Tacos are so important in Mexican cuisine that they have become synonyms. They have been around for ages and are nowhere close to disappearing

Not even Netflix could resist the temptation. Did you know there is a series about tacos named Taco Chronicles? So, next time you visit Mexico, you have to try them. You’re going to love them.


As you can see, there are many popular Mexican dishes. They vary by region even within Mexico, but we can agree they’re all delicious.

The ingredients and even the names change when you move to a different region of the country. That’s why I always ask how the dish is prepared before ordering.

Many dishes date back to pre-Hispanic times and have evolved over the centuries. Who would have thought that pozole was originally made from human flesh, right?

I hope you enjoyed this post. If you have any questions or comments, please feel free to leave them below, and I will get back to you as soon as possible. This post made me hungry, so I guess I’ll go eat something right now. Bon appetite!

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The next thing you have to do is secure your lodging. Whether you prefer a hostel, a guesthouse, a B&B, or a hotel, you can find them all on Booking. You can find lodging of all kinds ranging from cheap to expensive and somewhere in between. Many people have scored good deals using it.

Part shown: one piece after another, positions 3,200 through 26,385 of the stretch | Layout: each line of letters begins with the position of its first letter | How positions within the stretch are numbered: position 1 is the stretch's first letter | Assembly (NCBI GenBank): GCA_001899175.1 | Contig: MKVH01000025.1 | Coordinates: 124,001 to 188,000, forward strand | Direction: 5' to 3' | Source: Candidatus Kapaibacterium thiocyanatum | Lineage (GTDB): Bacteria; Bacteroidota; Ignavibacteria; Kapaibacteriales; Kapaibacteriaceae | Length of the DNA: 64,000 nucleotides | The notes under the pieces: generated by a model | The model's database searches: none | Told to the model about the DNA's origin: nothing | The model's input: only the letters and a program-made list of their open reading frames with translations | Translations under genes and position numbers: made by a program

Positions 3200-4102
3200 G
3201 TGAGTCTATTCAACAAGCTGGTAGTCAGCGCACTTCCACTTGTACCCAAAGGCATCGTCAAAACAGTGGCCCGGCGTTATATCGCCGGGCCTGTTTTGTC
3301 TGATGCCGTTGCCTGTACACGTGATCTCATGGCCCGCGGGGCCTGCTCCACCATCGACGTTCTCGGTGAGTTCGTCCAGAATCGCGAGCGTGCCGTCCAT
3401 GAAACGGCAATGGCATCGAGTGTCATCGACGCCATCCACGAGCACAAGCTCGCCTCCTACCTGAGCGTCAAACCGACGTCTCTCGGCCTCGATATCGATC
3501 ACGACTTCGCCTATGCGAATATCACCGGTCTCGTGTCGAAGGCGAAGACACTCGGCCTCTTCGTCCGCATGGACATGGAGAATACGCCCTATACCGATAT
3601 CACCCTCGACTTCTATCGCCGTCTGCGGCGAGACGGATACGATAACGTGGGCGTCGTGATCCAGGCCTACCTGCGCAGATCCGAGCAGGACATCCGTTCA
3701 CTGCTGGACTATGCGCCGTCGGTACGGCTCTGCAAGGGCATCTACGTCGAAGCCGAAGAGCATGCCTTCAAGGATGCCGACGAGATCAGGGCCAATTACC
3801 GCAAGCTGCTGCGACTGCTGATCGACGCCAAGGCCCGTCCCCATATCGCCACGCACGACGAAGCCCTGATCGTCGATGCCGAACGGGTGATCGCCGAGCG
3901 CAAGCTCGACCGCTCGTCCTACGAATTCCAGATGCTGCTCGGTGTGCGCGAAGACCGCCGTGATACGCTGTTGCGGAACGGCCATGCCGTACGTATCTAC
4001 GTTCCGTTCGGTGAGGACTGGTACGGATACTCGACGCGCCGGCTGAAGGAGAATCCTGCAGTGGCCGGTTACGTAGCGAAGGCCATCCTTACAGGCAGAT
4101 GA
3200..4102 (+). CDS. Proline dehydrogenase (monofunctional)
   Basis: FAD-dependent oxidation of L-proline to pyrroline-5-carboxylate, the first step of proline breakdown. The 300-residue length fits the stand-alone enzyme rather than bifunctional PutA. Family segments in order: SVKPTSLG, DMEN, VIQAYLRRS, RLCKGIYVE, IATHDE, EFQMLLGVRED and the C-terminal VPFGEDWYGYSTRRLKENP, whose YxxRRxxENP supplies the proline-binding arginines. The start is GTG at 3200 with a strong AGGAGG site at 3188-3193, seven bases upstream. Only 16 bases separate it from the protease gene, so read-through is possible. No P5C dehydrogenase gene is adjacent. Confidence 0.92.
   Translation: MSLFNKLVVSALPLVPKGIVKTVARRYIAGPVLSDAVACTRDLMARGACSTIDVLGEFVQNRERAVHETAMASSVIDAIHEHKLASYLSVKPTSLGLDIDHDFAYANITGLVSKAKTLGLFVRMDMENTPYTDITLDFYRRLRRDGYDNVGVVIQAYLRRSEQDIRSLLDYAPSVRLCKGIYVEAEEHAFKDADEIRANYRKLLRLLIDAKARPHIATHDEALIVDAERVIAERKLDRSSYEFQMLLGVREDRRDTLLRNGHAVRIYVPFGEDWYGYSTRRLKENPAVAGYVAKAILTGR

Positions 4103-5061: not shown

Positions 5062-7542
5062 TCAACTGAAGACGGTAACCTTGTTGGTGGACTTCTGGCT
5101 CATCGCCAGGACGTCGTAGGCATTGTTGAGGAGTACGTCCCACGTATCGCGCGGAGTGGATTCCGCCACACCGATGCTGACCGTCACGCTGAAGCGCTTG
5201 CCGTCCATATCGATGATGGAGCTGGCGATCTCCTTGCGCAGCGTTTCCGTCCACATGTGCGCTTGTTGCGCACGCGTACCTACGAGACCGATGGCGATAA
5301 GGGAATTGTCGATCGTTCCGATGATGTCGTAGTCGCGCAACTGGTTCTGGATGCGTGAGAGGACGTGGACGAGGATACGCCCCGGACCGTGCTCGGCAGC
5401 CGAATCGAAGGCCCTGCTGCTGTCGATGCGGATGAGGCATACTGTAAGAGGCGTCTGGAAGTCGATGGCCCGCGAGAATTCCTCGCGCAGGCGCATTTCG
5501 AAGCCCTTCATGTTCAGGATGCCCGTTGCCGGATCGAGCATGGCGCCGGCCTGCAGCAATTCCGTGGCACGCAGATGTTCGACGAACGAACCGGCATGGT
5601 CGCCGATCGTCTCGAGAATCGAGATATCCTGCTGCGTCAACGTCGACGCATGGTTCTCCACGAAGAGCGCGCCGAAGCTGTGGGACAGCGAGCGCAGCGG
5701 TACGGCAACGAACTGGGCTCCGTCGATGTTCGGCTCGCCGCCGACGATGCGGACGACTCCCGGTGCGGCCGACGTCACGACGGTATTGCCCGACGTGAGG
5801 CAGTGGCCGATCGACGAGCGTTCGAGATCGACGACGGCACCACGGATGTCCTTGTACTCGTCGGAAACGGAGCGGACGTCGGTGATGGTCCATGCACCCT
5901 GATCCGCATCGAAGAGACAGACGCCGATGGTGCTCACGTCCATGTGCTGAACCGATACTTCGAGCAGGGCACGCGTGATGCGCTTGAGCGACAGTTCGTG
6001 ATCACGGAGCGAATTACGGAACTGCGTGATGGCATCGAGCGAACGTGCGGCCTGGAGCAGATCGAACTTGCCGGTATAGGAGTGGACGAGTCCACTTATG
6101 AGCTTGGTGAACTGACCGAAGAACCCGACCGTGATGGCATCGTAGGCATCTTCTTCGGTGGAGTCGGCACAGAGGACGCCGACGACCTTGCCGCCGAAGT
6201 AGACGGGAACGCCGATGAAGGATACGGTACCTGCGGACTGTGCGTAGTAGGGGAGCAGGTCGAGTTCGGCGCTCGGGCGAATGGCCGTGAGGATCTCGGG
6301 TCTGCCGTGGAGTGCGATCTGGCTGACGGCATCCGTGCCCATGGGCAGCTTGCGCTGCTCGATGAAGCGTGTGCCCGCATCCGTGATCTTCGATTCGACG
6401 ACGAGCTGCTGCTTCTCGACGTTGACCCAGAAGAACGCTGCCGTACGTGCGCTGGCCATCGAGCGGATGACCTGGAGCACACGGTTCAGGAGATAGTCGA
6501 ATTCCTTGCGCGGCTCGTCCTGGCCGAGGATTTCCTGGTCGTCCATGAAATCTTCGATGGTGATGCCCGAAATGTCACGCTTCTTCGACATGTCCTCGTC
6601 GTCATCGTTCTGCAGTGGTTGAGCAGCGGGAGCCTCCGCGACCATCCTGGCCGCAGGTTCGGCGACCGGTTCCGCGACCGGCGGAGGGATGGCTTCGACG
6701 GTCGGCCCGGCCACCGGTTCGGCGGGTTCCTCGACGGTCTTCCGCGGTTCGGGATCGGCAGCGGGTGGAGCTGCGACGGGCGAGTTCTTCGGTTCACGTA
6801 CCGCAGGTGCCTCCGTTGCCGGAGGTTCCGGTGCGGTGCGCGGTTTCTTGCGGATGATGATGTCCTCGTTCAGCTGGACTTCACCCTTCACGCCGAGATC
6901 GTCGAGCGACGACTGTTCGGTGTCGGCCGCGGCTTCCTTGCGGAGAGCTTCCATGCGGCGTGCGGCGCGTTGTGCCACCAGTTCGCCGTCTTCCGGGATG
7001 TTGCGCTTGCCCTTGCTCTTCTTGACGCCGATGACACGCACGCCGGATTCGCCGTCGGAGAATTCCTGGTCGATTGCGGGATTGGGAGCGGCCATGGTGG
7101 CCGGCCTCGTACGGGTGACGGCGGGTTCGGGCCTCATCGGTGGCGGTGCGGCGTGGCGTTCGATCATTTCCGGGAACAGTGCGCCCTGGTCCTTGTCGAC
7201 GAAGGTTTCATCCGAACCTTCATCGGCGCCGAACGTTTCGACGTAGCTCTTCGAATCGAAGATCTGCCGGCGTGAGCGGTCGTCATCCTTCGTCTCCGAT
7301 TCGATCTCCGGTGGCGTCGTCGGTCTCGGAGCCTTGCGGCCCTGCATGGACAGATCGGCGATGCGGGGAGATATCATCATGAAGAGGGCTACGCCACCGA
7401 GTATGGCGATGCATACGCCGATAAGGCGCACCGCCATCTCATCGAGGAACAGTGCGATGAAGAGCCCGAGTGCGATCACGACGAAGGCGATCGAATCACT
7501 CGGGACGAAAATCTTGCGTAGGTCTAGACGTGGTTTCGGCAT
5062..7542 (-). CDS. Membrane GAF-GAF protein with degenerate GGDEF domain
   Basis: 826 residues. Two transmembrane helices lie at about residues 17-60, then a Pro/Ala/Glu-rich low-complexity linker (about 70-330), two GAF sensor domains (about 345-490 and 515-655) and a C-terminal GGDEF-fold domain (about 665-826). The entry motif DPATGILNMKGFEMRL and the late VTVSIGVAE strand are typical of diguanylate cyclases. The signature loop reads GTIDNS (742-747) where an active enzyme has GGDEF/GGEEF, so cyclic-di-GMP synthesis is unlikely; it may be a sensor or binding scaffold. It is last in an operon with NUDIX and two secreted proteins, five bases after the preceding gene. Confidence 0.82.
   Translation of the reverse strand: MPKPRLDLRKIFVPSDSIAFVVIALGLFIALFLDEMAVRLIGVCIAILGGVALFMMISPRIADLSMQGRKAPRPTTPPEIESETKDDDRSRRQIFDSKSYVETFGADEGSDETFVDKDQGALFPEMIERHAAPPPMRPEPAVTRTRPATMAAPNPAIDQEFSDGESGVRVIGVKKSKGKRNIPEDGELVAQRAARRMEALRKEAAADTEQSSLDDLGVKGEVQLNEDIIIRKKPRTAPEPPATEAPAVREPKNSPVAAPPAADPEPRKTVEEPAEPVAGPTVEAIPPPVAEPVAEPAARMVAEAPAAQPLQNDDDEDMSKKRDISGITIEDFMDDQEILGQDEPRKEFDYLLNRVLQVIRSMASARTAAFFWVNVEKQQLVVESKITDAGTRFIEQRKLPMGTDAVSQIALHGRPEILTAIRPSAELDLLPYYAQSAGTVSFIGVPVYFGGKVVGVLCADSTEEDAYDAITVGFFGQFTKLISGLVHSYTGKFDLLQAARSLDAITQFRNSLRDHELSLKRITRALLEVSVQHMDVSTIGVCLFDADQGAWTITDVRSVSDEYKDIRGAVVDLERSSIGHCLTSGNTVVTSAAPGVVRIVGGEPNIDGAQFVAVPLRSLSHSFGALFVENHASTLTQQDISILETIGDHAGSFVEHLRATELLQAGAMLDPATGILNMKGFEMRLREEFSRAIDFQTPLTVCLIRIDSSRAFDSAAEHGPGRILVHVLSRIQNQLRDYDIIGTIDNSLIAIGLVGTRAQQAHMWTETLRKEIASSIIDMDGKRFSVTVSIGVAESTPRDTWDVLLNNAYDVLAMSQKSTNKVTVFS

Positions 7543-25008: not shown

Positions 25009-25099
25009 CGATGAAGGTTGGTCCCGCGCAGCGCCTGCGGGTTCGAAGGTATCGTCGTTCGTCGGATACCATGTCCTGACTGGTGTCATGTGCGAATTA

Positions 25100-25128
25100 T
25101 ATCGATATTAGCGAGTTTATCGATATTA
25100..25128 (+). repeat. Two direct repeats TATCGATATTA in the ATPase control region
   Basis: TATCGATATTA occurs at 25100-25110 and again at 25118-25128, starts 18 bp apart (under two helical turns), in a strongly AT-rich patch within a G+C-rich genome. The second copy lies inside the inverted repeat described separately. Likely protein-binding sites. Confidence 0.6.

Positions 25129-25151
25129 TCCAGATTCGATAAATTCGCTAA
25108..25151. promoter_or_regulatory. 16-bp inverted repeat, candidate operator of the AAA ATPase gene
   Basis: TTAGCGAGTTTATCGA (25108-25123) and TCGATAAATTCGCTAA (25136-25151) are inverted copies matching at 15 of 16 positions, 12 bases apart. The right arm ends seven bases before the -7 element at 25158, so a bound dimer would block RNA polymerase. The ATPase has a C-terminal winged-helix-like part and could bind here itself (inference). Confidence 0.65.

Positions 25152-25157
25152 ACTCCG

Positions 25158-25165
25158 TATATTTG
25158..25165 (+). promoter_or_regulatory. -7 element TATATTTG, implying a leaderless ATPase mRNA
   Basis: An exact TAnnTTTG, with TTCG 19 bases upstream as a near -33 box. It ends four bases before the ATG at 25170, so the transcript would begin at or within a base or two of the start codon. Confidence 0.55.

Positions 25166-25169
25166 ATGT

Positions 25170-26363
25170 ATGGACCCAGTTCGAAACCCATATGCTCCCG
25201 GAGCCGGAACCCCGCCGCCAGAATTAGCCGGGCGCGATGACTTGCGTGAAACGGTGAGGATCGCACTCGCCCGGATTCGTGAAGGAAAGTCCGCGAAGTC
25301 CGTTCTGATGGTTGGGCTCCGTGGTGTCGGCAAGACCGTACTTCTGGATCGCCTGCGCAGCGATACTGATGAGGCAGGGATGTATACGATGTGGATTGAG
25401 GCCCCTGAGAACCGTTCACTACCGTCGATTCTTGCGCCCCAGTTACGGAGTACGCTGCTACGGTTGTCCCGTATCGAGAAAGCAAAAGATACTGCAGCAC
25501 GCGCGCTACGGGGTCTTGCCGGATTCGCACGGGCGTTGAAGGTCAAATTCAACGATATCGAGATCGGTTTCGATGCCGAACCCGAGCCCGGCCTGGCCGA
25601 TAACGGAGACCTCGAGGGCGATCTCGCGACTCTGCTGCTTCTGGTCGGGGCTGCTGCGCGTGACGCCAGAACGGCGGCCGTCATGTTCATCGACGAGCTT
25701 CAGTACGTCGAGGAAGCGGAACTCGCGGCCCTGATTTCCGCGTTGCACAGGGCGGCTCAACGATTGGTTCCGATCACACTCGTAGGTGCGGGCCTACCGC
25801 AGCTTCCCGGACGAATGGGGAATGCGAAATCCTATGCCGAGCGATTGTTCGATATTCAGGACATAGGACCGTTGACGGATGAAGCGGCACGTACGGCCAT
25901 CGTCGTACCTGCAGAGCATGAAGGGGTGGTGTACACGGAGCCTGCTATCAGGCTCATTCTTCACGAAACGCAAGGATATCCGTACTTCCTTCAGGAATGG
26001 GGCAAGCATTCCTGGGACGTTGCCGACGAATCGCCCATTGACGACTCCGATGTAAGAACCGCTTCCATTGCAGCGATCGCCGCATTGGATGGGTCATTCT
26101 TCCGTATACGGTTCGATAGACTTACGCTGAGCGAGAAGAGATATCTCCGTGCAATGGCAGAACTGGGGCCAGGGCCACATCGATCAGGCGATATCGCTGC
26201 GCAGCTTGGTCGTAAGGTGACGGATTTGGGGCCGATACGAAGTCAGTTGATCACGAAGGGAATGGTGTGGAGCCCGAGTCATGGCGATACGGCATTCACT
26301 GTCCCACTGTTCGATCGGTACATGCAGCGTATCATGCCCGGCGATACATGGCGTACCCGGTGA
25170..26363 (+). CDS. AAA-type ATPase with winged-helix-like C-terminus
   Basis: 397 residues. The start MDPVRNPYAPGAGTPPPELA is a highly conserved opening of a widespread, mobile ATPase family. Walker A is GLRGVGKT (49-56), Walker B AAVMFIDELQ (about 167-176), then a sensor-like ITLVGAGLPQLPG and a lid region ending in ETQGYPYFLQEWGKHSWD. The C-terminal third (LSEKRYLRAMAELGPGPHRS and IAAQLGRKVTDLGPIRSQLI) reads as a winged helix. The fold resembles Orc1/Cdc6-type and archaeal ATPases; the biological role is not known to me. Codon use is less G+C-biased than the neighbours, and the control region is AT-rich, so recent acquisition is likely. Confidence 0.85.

Another popular option is Hostelworld. This website focuses on hostels as opposed to hotels.

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In some places, you might want to hire a tour. Not all places are equally accessible to visit by oneself. It helps enormously when you visit with a local guide who can show you around and answer any questions you might have…all in your native language. My to-go place is Viator as they offer tours of all kinds and have a presence all over the world.

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Public transportation is usually cheaper than renting a car, but it’s sometimes more complicated and time-consuming. That’s a reality. In some cases, it’s more convenient to rent a car. My recommendation is Rentalcars.com. Here you can compare rates and choose the one that fits you best.

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You can save money by booking bus tickets online. My favorite site to do this is Busbud.

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8 Replies to “Most Popular Mexican Dishes”

  1. Made you hungry? My mouth is watering. I love Mexican food.
    Now I know you said you can’t really find authentic Mexican food outside of Mexico, but I think we come close here in California. No? Because we have Taco trucks, and lots of restaurants owned by the real deal.
    I love Pozole; probably because I love hominy. But it is hard to find anywhere, so maybe you are right about authenticity. I love Tamales too. There is a little place down the street called The Tamale Guy. That’s all he has! I love tacos also.